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Heathrow Passport Control

Heathrow Passport Control. Photo: dannyman / Wikimedia Commond / CC BY 2.0, license linked at bottom of article

Following BA cargo and other airport workers, PCS members working in Passport control have voted overwhelmingly to take strike action, reports Yonas Makoni

Passport control staff at Heathrow Airport voted to strike on 1 February after management forced through changes to rosters that will make working hours less flexible and impact workers with caring responsibilities and disabilities. 96.4% of voters said yes on a 68% turnout. This will make passport control staff, employed by the Home Office, the third group of workers at Heathrow to go on strike this year after Heathrow Airport Ltd (HAL) staff and the victorious British Airways cargo handlers.

The rota changes will ban shift swapping and end the ability of workers to choose their desired shifts. According to PCS, the changes will discriminate against staff with disabilities and caring responsibilities, who have relied on the flexible rota system. They say that the Home Office has not adequately lived up to its legal obligation towards staff with protected characteristics.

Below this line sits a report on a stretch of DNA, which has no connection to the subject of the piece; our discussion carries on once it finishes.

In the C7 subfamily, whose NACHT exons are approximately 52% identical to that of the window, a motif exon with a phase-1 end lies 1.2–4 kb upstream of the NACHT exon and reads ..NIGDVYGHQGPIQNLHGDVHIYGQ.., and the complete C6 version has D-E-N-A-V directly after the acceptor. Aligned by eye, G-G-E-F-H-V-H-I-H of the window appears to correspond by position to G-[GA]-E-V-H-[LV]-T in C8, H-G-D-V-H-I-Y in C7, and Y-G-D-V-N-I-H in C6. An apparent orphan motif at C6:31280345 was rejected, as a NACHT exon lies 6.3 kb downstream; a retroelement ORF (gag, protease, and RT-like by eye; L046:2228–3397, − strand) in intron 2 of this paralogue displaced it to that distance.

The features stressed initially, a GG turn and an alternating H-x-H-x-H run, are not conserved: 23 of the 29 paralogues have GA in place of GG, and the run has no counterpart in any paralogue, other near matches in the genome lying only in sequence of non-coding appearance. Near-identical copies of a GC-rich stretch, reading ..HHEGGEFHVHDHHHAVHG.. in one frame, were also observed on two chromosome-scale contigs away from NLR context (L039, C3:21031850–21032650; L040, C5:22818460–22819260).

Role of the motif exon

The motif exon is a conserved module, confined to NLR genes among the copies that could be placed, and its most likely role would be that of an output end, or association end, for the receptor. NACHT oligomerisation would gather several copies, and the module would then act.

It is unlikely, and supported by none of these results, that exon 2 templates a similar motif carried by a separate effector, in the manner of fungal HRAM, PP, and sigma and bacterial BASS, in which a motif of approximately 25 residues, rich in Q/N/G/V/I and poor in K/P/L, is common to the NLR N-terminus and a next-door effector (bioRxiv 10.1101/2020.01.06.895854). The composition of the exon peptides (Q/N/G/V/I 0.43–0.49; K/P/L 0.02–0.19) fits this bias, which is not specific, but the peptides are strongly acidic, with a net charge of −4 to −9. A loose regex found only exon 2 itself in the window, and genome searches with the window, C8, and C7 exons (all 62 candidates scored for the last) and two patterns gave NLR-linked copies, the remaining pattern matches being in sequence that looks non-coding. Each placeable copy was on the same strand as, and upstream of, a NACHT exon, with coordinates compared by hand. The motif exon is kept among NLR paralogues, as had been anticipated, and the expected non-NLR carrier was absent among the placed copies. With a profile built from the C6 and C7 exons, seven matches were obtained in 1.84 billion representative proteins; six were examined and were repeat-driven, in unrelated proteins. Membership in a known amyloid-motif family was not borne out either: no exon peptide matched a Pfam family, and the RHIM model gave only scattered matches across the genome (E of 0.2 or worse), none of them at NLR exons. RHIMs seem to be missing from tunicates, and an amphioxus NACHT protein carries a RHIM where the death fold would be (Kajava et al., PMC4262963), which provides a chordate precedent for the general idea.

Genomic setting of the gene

The Home Office claims that it is pushing through these changes in order to better allow staff to work in bubbles due to Covid. It did so, however, without consulting the union and after having already been slow to introduce safety measures such as PPE, temperature checks and screens.

The union also believes that the Home Office is using Covid as a cover for pushing through changes that have been planned for a long time. In this respect, they are following the precedent set by HAL and British Airways, who used Covid as a pretext to push through aggressive fire-and-rehire reforms.

Passport control staff have reason to feel emboldened, however. The cargo workers suspended their second round of strikes after BA dropped all their fire-and-rehire threats and reinstated all workers who had refused to sign the new agreements. HAL workers, including firefighters, engineers and baggage operations, will be striking again on 5 February to avoid pay cuts of up to 25%.

Across Britain, a growing wave of workers is beginning to realise that they have the power to determine their conditions. If they fight, they can win and we must support their struggle as much as possible.

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